The Clientele - Alone And Unreal - The Best Of The Clientele (Pointy Records) 2

The Clientele – Alone And Unreal – The Best Of The Clientele (Pointy Records)


Even if nobody else was listening back in the nineties, it seems that Mercury Rev were. The lazy, hazy minimalism of tracks like ‘Reflections After Jane’, marinated in reverb, surely must have laid the golden drawbridge for the New Yorkers’ seminal 1998 album ‘Deserter’s Songs‘. Though having said that, I’ve just noticed that the latter album actually came first. Oh well, I’m relatively certain that the Revvers must have at least seen The Clientele live before conducting their magnum opus.

Their career is an odd one, having formed way back in 1991 and building a loyal live following, yet they were unable to get any label to actually properly release anything until finding their spiritual home at Pointy records almost a decade later. Despite ‘(I Can’t Seem To) Make You Mine’ being used in the Keanu Reeves vehicle ‘The Lake House’, commercial success has been confoundingly elusive. ‘Alone And Unreal’, then, is attempt to redress the balance with a collection of tracks from their handful of albums along with one new track, ‘On A Summer Trail’.

A distinctive wooziness runs through much of The Clientele’s output. ‘Harvest Time’, for example, is a moody, heavy legged trudge through open fields at midnight, whereas the aforementioned ‘…Make You Mine’ has a weary, can’t sleep aura about it, full of longing and aching beauty. Not that the same Jack pops out of every box; there’s far more to them than that. As evidence, I can offer up the staccato, ‘London Calling’ type chords of ‘Bookshop Casanova’, which eventually picks up to something akin to The Beatles having discovered disco during their ‘Abbey Road’ phase, and delivers the pithy refrain of “You’ve got my name, pick up my number“. It rather pleasingly paints a more playful side to the band and is all the better for it.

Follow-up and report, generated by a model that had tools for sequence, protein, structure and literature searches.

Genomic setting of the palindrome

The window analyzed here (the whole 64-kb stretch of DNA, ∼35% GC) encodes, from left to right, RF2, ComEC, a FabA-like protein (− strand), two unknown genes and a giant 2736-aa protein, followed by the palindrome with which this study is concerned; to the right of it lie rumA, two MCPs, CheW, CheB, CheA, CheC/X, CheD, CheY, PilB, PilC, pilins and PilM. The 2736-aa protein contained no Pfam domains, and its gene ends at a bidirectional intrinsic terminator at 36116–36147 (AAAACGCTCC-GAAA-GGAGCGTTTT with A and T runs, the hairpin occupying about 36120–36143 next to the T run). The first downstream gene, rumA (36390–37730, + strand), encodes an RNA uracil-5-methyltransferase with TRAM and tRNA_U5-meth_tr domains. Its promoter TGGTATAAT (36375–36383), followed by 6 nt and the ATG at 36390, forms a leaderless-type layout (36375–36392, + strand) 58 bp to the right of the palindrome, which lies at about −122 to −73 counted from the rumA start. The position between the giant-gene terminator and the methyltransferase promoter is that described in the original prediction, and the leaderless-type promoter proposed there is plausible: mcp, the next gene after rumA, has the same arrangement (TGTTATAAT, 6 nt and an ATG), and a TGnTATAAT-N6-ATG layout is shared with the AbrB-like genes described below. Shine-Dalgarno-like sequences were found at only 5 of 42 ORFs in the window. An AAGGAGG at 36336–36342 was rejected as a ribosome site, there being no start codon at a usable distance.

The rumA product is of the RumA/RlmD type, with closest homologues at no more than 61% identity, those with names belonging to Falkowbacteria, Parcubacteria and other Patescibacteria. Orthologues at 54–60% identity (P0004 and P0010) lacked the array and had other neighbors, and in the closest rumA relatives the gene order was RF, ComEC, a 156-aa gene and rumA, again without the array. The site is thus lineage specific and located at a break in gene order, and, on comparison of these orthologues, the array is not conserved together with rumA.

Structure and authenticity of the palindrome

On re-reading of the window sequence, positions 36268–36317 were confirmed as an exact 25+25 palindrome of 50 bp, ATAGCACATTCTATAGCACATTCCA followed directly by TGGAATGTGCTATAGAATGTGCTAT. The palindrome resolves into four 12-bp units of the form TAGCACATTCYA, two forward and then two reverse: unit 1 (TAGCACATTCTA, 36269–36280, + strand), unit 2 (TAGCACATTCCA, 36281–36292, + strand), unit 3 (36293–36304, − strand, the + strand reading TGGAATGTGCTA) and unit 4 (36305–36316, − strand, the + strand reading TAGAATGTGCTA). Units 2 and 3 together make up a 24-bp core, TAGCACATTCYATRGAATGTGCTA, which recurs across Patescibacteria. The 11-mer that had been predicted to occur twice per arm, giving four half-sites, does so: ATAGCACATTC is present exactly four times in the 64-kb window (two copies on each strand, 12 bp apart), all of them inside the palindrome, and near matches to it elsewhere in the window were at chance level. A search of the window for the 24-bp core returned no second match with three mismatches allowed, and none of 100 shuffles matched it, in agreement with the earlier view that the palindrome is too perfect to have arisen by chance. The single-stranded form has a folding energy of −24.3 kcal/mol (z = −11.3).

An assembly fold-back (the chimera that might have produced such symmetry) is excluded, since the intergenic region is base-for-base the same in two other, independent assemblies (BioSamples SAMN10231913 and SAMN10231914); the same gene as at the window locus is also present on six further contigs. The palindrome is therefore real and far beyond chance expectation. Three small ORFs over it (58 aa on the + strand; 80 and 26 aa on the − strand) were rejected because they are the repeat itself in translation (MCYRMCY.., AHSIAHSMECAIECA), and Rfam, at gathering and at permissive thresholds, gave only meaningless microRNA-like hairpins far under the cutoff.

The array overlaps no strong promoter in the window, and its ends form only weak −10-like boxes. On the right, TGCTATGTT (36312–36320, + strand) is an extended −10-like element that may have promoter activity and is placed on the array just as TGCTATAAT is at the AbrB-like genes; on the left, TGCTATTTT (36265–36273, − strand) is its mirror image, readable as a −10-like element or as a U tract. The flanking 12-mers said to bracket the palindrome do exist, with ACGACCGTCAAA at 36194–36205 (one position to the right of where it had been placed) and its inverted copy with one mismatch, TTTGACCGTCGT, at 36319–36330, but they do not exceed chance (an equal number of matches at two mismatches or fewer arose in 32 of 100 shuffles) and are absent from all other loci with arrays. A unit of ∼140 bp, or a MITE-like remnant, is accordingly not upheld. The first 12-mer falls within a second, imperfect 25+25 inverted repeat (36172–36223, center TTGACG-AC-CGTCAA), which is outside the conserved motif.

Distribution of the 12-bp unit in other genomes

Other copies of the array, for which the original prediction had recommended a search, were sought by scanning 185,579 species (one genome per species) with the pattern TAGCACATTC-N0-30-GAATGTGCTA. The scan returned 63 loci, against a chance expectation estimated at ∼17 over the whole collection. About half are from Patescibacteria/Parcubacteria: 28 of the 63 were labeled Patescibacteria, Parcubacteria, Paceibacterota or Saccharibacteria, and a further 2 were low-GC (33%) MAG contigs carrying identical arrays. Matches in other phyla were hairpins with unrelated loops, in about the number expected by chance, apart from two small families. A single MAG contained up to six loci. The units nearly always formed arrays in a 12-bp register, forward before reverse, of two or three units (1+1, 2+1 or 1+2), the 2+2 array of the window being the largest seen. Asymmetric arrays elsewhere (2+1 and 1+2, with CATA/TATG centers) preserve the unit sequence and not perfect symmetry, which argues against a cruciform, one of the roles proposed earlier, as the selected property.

Alasdair MacLean‘s ‘Losing Haringay’ is a highlight too, a talkie song so rich in atmosphere that it’s easy to be carried away and transported to the same location depicted in the lyric – “I looked up, and realised I was sitting in a photograph. I remember clearly – this photograph was taken by my mother in 1982, outside our front garden in Hampshire“. It’s a fond recollection of childhood and full of charisma.

The ‘new’ song here is actually one of last year’s singles, ‘On A Summer Trail’ – a typically summery Byrds like jangle, in keeping with their general ethos, while other tracks call to mind Gene Clark, Simon and Garfunkel, Lambchop and The La’s. It’s a spellbinding record at times, the shimmering guitars wistful and determined, but the spirit always free. And thankfully, the songs are nowhere near the pretentious twaddle that my last sentence was.


God is in the TV is an online music and culture fanzine founded in Cardiff by the editor Bill Cummings in 2003. GIITTV Bill has developed the site with the aid of a team of sub-editors and writers from across Britain, covering a wide range of music from unsigned and independent artists to major releases.